Now for a research update. After GAC MAC, I started to think about what I need to do before returning to the field. I still have more samples to prepare for analysis, which has begun as we speak. I listed the samples to be cut for thin sections, XRF, and for both. A total of 14 samples: 2 for thin sections, 2 for XRF, and 10 for both thin section and XRF. The remaining samples are listed as low priority. They will be prepared during the summer but the 14 represent locations in the field site that have not been analyzed yet. Idaho State University samples sent by Dr Shannon Kobs Nawotniak coordinates have been highlighted on the field map and thin section samples will be prepared in the near future (during this summer!). I have the map on the memory stick if anyone is interested to see where their samples were taken from. My plan for the summer is to extend my sampling in Serrate Flow (walk further NE away from the Devil's Orchard/Serrate Flow contact), traverse across Devil's Orchard (from the Great Rift to the end of the flow), revisit Highway Flow (detailed field notes and additional samples), and continue sampling of North Crater (especially at the locations where petrography changes). The map below shows a general outline of my field plan when I return to Craters of the Moon National Monument and Preserve in August 2017.


 The start of the transect of Devil's Orchard on the map doesn't start at the Great Rift because the terrain before the white X is covered in vegetation, ash, and cinder cones. The lava flow only shows great exposure starting from the parking lot (the round circle close to the bottom left white X on the traverse). Serrate Flow will not be an easy task but it is achievable. The distance to Serrate is short, only 3-4 km but the terrain reduces your speed to at least 1 km/hr. On top of that, carrying the samples out of the field will further reduce speed and mobility, I will not rush out of the field after getting the samples because I'll run the risk of getting an ankle, leg or head injury. North Crater is marked down for 1-2 days but if everything goes according to plan, and perhaps wake up a little bit early, I could finish everything there in a day. Highway Flow with out a doubt will only require a day. It doesn't take long to reach the lava flow and it doesn't cover a large area unlike the rest of the lava flows. The only problem is it has some of the most treacherous surfaces, sharp and loose rocks, which is why it is nicknames MORDOR!!! If you don't believe me, look at the images below.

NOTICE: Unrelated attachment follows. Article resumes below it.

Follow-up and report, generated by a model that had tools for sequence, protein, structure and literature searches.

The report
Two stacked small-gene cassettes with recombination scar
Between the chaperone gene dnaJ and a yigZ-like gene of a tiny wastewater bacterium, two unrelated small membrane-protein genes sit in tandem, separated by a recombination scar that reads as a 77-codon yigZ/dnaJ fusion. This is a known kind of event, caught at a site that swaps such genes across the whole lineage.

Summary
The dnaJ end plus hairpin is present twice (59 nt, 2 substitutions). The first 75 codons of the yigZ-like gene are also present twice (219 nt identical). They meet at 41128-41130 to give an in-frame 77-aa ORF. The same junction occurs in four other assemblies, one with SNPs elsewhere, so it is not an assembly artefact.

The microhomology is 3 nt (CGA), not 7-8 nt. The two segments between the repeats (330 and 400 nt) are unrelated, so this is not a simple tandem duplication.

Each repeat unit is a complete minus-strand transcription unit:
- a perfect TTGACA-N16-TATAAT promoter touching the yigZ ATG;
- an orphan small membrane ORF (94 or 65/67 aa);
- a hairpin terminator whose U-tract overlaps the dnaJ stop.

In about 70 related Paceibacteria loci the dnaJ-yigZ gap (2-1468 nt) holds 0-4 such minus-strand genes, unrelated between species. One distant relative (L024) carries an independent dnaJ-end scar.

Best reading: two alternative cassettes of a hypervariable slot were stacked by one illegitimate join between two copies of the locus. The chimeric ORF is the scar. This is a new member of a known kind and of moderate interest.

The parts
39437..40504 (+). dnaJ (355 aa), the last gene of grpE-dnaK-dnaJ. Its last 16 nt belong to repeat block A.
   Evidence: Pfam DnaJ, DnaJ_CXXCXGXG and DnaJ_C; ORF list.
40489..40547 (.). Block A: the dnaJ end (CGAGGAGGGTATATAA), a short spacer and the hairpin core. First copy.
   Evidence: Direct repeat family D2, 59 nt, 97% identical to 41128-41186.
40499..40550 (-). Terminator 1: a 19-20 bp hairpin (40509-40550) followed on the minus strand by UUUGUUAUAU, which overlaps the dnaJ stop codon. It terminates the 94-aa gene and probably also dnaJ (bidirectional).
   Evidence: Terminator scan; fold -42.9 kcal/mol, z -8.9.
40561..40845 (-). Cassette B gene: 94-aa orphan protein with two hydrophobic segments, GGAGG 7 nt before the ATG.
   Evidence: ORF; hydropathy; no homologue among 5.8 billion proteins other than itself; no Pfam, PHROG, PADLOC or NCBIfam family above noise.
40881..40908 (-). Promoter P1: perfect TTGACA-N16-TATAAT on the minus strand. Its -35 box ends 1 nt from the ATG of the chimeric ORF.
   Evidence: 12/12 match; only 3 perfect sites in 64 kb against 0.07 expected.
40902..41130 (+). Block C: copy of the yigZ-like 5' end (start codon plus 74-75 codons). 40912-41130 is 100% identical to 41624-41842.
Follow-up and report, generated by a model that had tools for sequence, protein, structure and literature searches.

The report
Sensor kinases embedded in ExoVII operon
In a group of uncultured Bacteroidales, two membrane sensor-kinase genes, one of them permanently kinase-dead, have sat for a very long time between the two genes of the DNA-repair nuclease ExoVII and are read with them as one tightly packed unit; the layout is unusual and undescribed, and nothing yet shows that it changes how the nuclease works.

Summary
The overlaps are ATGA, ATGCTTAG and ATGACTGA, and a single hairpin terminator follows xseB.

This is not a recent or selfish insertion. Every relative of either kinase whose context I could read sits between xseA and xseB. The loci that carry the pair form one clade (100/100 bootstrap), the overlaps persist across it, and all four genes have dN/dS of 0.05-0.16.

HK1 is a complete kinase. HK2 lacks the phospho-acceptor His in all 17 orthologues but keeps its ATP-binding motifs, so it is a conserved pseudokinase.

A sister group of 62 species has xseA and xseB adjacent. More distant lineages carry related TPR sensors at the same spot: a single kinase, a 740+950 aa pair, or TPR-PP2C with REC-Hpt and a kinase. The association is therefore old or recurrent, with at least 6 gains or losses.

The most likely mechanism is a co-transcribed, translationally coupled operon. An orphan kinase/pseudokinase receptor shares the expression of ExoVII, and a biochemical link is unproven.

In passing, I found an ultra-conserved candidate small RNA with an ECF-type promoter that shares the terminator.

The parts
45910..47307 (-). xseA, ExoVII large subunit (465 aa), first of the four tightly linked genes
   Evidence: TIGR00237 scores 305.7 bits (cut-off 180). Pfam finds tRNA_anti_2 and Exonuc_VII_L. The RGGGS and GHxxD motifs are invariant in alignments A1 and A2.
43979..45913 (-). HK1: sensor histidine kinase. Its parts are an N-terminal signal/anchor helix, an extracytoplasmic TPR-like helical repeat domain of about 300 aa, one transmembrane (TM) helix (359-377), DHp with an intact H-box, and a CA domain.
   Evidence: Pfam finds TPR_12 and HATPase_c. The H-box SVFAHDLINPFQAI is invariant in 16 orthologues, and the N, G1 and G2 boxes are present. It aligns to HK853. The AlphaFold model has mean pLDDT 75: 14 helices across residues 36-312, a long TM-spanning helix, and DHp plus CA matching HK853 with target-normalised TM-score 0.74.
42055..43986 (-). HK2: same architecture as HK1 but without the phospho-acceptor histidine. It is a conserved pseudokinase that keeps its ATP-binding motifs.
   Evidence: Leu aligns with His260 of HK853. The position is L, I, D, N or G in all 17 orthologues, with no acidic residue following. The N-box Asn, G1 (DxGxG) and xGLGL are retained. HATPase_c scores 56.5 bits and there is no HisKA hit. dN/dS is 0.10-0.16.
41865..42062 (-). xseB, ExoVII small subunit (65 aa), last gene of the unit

I guess all I can say now is I'm making great progress in my research and courses, considering I was panicking when I got my mineralogy results back. Next stop, the plan, the summer holidays, thesis writing, and thinking about the future!